Back to some facts: I still think the controller could and should be more EMI proof. But for now we must work with what we have. With these connection losses Will always refers to EMIs. I think, that these connection losses indeed did not appear while my VFD worked. Now you and he mentioned, that the routers may produce EMIs whith hard work. That gave me the idea that a router needs more power when with constant moving speed due to rather slow rotation the power per chip -because it cuts slow and against the moving pressure- needs much more power per time. That probably draws more current through the brushes, causing more sparkles, what produces EMI. And that is probably exactly what you mentioned: keep the power draw for the router as low as possible.

Now what if I turn the router to the highest rotation speed? Now the power per chip produced should be much less, since the chip size necessary to be removed per distance of the sled moved is much lower. And: it worked. I tried it, and the key for me is to run the router with the highest rotation speed as possible, and with my next project probably with the 1/8inch instead of the 1/4 inch bit.

And yes, I love to work with wood, but I never got any training in traditional woodworking or carpentry. Therefore I cannot work as precisely as all the “traditional” carpenters I adore, and I would need much more machines, like a band saw, a planer, a jointer…, what would not fit into my small basement.
I use the CNC machine to give me the precision I lack to my shop and my projects.


I see in one of your screenshots that you are running Carbide Motion build 635. I strongly suspect that there are issues with that build that can cause erratic movements (not out of path but abrupt feedrate slowdowns/up), delays and disconnects. Please try build 636, and see if that doesn’t improve things.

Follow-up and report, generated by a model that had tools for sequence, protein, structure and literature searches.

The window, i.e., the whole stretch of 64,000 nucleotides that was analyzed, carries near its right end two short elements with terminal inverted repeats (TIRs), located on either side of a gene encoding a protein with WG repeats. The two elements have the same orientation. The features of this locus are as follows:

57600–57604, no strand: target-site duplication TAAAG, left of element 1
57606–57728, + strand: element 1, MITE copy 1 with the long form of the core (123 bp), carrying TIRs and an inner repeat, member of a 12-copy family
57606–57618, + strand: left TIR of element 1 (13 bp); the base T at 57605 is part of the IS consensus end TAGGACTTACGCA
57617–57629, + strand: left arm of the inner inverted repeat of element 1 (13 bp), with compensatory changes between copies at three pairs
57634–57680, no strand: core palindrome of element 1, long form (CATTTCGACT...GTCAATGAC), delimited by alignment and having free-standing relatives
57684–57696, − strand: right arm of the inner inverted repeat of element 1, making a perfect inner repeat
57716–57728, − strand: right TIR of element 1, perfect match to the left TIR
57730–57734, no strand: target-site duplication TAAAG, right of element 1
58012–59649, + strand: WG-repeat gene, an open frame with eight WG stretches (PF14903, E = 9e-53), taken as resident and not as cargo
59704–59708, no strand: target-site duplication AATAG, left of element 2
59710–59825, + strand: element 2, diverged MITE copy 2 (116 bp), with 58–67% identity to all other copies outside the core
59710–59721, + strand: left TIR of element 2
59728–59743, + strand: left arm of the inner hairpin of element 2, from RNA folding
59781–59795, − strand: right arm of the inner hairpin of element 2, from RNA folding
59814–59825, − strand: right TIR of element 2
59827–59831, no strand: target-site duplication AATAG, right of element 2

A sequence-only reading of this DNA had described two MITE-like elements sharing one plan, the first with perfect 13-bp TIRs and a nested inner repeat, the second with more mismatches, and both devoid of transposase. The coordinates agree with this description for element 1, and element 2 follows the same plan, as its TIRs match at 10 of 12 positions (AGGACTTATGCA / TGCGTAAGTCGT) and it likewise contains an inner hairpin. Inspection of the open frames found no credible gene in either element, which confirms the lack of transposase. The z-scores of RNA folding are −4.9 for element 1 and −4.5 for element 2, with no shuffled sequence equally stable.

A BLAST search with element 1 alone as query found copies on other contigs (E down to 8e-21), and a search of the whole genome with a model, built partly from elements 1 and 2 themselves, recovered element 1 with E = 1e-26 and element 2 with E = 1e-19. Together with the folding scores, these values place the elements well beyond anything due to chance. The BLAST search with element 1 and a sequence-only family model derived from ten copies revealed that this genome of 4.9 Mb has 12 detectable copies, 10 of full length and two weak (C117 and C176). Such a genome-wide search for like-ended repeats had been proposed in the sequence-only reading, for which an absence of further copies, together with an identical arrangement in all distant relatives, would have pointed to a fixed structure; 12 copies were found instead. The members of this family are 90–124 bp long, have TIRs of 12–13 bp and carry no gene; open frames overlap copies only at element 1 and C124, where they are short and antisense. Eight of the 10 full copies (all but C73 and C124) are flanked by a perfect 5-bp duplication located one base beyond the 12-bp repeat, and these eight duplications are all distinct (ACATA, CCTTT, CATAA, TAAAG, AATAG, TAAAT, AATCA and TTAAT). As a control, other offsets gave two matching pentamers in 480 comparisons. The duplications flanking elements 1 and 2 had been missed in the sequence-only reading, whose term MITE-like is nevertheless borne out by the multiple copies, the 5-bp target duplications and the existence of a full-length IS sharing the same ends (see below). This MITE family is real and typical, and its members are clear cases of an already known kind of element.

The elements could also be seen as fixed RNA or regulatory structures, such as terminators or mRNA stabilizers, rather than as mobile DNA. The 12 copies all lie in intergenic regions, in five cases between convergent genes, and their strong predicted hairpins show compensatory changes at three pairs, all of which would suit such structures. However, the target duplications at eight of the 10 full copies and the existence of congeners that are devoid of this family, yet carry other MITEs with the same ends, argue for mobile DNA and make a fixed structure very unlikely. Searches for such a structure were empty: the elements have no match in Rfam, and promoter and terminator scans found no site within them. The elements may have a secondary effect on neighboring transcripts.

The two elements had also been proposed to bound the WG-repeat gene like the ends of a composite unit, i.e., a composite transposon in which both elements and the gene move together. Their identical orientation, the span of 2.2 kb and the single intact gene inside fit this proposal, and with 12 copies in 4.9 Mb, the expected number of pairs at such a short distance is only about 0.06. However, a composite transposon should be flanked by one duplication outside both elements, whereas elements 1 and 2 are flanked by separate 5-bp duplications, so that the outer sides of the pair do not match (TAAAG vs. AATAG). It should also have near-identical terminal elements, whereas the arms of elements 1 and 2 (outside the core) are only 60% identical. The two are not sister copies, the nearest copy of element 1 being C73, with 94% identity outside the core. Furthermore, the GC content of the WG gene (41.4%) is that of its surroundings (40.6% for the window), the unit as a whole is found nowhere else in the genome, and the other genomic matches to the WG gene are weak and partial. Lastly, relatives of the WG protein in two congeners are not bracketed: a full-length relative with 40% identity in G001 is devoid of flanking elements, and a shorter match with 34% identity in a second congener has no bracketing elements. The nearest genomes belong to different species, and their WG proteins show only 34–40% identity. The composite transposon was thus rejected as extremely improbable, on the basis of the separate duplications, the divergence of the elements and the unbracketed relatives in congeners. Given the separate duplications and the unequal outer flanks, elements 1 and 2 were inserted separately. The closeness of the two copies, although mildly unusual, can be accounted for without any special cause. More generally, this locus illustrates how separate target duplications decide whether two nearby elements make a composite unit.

You say your machine is grounded. What have you done to ground the machine?

Does this problem occur with your dust collection turned off?


Quicky06: Hey there, I wasn’t sure if this question was for me…

For grounding, what I did was bond the machine chassis components, starting at the spindle (an ancient Makita), working my way through the moving trams, to the base, going through the drag chains. I then I ran the wire to the ground pin on a cord end, then plugged it into my spare receptacle. This helped (I think) to eliminate any possible static build up in the moving assemblies. For the bonding, I just selected 1 wire out of an old phone wire and crimped on some terminal ends, screwing them into some of the assembly bolts on the CNC, linking the whole machine together, including the controller box to ground in my shop’s electrical system.

My theory for doing this was that the belts and wheels may not provide a reliable continuity for static dissipation. In winter, it gets so dry here, that static is a wicked issue, just turning lights on in the house I can get snapped when the humidifier is off for a bit. Similar to Emmess, I was ready to take my whole rig and throw it in the dumpster with continual disconnects.

I recently had another disconnect issue after I re-did my enclosure. After a few more, I did a palm slap on the forehead, I realized the spindle and controller were plugged into the same circuit. I changed the spindle to another circuit, and no more problems.

For anyone struggling with the disconnects and reading this, I would like to say, give running separate circuits for the spindle and controller a try. It finally stopped my problems.

As for dust collection, I don’t use a vacuum. I built an enclosure for the machine that functions as a table-saw outfeed, and then I used a bathroom fan with a filtration assembly to create a negative air pressure. I vacuum out the chips after they build up for a while.

1 Like

I had similiar issues with my shapeoko 3 when first got it. I bought a powered usb hub and a usb isolator.

Never had issues after that. Im not sure why a usb isolator doesn’t get recommended more often.


How I grounded: connected the Y-carriage (?), the main frame, the Z-frame and the spindle (as I still had it working), brought them all together to one power outlet with this plug:

No other plugs plugged in there. All other plugs (router / VFD, vacuum, controller, laptop) are connected to separate circuits, I enjoy the luxury of having installed 8 separate circuits in my shop.

The problem appears unrelated to the dust collector I think, very rarely I do not switch it on. I already ignited a fire by running the machine in dust, so I strongly belief that the wood dust / chips must be removed immediately.